"The Bible and the Book of Mormon teach that monogamy is God’s standard for marriage unless He declares otherwise...Following a revelation to Joseph Smith, the practice of plural marriage was instituted among Church members in the early 1840s...After receiving revelation, President Wilford Woodruff issued the following Manifesto, which was accepted by the Church as authoritative and binding on October 6, 1890. This led to the end of the practice of plural marriage in the Church."

At face value, this declaration appears to satisfactorily answer any questions regarding pologamy in Mormonism. However, the entire statement is a curious slight of hand. While the Book of Mormon does teach monogamy, this is not inclusive of all Mormon scripture. Latter-day Saints do not find the command for polygamy in the Book of Mormon; rather, it is found in D&C 132.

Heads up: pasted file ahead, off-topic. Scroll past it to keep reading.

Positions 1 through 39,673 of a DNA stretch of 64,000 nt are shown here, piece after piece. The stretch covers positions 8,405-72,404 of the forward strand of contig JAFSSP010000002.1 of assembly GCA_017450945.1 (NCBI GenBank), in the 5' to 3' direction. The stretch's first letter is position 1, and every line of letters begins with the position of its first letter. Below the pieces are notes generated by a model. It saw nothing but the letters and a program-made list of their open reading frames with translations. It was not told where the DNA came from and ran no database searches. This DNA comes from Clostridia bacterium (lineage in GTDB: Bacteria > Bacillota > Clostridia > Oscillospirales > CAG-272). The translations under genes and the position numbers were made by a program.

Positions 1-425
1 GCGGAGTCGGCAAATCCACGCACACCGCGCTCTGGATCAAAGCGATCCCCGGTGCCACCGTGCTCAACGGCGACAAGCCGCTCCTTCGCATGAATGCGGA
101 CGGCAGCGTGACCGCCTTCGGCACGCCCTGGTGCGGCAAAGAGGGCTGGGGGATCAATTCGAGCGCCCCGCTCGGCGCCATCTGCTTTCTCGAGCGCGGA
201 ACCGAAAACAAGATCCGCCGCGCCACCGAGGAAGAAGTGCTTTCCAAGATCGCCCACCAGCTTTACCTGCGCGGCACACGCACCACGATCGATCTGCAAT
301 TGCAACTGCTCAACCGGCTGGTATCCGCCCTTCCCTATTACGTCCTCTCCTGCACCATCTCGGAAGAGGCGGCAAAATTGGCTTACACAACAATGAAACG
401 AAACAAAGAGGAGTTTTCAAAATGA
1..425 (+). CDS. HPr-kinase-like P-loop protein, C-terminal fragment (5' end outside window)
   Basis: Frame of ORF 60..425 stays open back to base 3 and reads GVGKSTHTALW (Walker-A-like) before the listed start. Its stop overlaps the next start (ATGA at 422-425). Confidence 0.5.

Of course, as the LDS Church would surly point out, the commentary at the beginning of D&C 132 (the section commanding polygamy) points the reader to Official Declaration 1. So, any reference to polygamy in D&C 132 must be understood in light of the first declaration.

But we cannot forget that D&C 132 does not simply err by way of introducing polygamy. In D&C 132:37 we are told that Abraham's polygamous actions were "accounted unto him as righteousness" and as a result he is now exulted as a god.

This verse directly contradicts Genesis 15:6, Romans 4:3, and Galatians 3:6 which all attest to Abraham's faith, not his polygamy, as attributing righteousness to him. It also challenges the biblical teaching of monotheism and reinforces the Mormon teaching that humans can become gods as a result of their obedience to Heavenly Father's ordinances in this life (Isaiah 43:1045:5, 1 Corinthians 8:6, etc.).